A rose engine lathe is a specialized kind of geometric lathe.
The headstock rocks back and forth with a rocking motion or along the spindle axis in a pumping motion, controlled by a touch moving against a rosette or cam-like pattern mounted on the spindle, while the lathe spindle rotates.
Rose engine work can make flower patterns, as well as convoluted, symmetrical, multi-lobed geometric patterns.
The patterns it produces are similar to that of a Spirograph. No other ornamental lathe can produce these "rose" patterns.
One type of decoration produced by a rose engine lathe is called guilloché. Guilloché is sometimes confused with "jewel finishes" or engine turning, a much cheaper process of making swirly marks in metal by a rotating abrasive peg or pad, which is repeatedly applied to the surface to make a pattern of overlapping circles. Jewel finishes used to be common on stereo faceplates and automobile interiors. An example of the jewel finish is on the nose of the Spirit of St. Louis (shown at the right).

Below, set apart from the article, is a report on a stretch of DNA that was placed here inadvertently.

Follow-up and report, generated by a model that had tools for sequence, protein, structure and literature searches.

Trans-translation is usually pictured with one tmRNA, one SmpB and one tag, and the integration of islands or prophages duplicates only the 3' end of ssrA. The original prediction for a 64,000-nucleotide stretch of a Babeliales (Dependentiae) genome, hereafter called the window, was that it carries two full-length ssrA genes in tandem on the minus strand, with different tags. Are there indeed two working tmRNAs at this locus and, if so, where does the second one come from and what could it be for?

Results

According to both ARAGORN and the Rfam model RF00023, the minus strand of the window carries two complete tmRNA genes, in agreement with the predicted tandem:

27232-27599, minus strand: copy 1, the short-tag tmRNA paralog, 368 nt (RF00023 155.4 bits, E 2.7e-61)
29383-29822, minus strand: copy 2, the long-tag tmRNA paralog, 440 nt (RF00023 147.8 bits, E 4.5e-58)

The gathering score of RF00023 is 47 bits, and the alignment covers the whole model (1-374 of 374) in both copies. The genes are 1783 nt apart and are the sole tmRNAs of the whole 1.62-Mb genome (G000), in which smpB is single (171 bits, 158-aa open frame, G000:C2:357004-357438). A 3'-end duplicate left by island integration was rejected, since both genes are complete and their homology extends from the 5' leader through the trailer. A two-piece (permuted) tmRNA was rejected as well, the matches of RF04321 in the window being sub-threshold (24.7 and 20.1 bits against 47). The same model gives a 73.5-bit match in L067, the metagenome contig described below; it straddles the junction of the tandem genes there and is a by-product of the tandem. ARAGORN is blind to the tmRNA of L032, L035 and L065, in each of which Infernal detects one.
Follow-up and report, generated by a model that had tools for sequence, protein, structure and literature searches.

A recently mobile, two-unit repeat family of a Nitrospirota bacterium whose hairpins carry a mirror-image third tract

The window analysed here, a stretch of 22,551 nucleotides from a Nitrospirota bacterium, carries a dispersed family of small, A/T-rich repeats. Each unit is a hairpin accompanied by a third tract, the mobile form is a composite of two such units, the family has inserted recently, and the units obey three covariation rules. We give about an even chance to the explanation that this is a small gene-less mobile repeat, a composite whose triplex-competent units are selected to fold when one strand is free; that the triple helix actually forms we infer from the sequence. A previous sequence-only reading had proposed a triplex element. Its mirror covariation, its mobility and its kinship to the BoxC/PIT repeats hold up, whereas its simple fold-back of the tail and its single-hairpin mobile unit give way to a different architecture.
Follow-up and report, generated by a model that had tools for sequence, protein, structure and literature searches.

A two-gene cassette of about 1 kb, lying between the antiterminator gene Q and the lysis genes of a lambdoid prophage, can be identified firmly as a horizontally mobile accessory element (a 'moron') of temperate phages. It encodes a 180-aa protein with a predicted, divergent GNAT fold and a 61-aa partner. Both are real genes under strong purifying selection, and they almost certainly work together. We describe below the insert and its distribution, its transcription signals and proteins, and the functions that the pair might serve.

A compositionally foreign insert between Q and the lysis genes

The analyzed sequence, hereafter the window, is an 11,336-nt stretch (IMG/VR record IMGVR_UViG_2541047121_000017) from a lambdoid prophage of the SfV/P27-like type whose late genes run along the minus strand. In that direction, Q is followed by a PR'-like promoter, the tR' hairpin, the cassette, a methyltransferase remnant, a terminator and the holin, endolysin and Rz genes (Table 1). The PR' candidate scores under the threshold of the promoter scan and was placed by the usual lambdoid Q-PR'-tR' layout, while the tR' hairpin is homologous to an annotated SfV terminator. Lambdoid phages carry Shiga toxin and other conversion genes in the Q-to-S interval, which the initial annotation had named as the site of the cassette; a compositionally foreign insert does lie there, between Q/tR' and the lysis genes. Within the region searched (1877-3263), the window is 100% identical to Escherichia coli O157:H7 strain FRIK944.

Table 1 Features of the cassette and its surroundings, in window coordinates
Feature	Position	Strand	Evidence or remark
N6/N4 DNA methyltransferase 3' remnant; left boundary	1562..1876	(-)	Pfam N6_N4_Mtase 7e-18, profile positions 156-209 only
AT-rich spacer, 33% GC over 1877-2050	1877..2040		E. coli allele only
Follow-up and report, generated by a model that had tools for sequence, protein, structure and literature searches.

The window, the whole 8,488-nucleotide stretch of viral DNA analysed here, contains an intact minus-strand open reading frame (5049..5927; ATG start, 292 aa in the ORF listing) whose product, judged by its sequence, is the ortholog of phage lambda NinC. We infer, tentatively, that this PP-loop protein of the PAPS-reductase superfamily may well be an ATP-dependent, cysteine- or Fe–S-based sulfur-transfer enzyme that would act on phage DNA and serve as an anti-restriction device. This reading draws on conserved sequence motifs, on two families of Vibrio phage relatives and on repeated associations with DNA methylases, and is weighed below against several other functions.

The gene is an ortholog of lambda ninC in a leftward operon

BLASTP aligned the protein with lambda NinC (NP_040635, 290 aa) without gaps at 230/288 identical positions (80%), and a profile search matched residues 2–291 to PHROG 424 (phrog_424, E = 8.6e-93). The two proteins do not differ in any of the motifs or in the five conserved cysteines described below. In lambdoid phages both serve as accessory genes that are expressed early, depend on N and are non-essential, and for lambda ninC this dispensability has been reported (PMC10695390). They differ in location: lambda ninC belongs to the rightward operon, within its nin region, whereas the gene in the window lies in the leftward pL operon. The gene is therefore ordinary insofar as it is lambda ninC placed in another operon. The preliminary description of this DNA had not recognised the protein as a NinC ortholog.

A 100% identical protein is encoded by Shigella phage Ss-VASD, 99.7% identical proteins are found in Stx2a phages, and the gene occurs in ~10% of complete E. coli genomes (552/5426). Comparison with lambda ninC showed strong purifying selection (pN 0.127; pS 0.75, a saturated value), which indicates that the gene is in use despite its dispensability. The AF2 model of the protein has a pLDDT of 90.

Beautiful wooden objects are also made with a rose engine lathe, and that seems to be the primary purpose for most hobbyists.
At a simplistic level, a rose engine lathe makes three sets of movement happen at the same time.
But what makes a Rose Engine Lathe really fun is that there are so many variables that can be brought into play.
(There are other approaches that can be taken, but this gives the general idea.)
The video to the right shows these activities working in harmony to produce a nice design.
To me, the most excellent part is the way it can work relatively unattended. This means:
And, my wife loves what I make on the machine! (She chooses what to keep, and what to give away.)
So, how do you get started? Well this site is intended to help you do just that. But if you get hung up along the way, do send me an email via the address shown below. I will do what I can to get you past your stopping point.
And for a fun video, here is a spirograph used on an MDF rose engine lathe.